MOCKSVILLE, N.C. (WNCN) — Cases of whooping cough have spread in a North Carolina school district from one reported less than 2 weeks ago to 13 cases on Friday, reports say.
Parents of students were first notified of the situation on Dec. 9 in a letter sent by Davie County Schools and the Davie County Health Department, WXII-TV reported.
Despite officials asking any student who has pertussis-like symptoms to stay home, 13 cases were reported by Friday, WGHP-TV reported.
Of the current cases, 11 are in Davie High School and two are at the school system’s early college, WGHP reported.
“That’s pretty alarming actually, it really is,” said Patrick Jacobs, father of a Davie High sophomore, told WGHP.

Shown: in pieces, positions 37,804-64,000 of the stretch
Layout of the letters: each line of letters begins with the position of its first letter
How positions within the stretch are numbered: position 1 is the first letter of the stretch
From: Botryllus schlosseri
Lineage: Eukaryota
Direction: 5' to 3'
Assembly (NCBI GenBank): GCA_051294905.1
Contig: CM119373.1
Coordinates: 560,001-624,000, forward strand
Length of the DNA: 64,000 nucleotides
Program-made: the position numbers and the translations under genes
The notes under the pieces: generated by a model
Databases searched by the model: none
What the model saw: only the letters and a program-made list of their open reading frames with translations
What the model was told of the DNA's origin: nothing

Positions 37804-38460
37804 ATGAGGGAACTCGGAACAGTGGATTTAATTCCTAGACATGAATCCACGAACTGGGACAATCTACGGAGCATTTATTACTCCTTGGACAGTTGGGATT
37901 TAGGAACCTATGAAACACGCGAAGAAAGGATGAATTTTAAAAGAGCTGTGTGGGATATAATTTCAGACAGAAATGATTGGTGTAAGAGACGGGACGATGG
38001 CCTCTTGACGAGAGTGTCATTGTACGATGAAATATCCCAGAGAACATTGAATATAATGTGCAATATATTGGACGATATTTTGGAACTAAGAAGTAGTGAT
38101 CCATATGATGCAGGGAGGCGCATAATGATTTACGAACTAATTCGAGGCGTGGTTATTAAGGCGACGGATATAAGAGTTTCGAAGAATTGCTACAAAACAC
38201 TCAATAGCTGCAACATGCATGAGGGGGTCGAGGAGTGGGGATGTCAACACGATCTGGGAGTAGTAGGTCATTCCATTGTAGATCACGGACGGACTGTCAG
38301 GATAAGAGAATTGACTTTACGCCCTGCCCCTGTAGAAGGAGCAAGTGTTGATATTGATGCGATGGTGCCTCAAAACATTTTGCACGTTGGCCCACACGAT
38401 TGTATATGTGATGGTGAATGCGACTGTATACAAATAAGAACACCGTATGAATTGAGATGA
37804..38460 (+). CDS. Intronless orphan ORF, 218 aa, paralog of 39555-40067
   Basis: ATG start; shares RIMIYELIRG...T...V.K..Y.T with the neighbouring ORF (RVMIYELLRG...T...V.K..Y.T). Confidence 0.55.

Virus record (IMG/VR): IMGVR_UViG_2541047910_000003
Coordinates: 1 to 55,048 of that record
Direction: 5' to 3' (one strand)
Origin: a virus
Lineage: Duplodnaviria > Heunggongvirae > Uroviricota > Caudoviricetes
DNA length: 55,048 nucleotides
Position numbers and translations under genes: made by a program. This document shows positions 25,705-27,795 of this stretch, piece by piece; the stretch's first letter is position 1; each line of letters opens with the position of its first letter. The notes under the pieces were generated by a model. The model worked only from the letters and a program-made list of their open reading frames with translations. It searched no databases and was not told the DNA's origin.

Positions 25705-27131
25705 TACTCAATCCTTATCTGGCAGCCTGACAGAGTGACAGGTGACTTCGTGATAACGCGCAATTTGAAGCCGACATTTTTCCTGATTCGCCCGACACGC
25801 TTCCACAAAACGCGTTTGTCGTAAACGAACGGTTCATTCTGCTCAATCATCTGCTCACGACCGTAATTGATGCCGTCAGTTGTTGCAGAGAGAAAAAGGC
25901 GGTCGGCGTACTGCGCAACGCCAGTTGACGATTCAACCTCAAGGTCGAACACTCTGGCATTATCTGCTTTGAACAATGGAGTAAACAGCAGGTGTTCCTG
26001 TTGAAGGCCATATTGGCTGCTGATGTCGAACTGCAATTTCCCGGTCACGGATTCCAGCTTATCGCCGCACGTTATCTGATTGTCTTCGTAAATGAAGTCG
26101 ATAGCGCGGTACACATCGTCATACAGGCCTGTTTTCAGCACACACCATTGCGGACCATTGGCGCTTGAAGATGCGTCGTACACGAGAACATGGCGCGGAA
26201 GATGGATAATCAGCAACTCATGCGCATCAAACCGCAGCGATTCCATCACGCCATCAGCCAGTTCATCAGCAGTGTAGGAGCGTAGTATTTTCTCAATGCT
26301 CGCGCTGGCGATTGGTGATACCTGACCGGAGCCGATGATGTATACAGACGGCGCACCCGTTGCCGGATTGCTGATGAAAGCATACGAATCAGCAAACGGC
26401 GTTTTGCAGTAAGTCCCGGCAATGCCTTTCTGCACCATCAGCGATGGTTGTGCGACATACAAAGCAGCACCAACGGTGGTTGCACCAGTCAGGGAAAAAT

Officials said that parents of students identified as having close contact with whooping cough-positive students will be notified with a special letter.
It’s unclear how many students were identified as “having close contact” with infected students.
School officials had initially asked students with symptoms within the next three weeks to stay home and seek medical attention.
Pertussis can be easily spread from person to person by coughing or sneezing.
Pertussis starts with typical cold-like symptoms, but the coughing becomes severe after a week or two.
County health officials said the Tdap vaccine is the best way to protect against pertussis.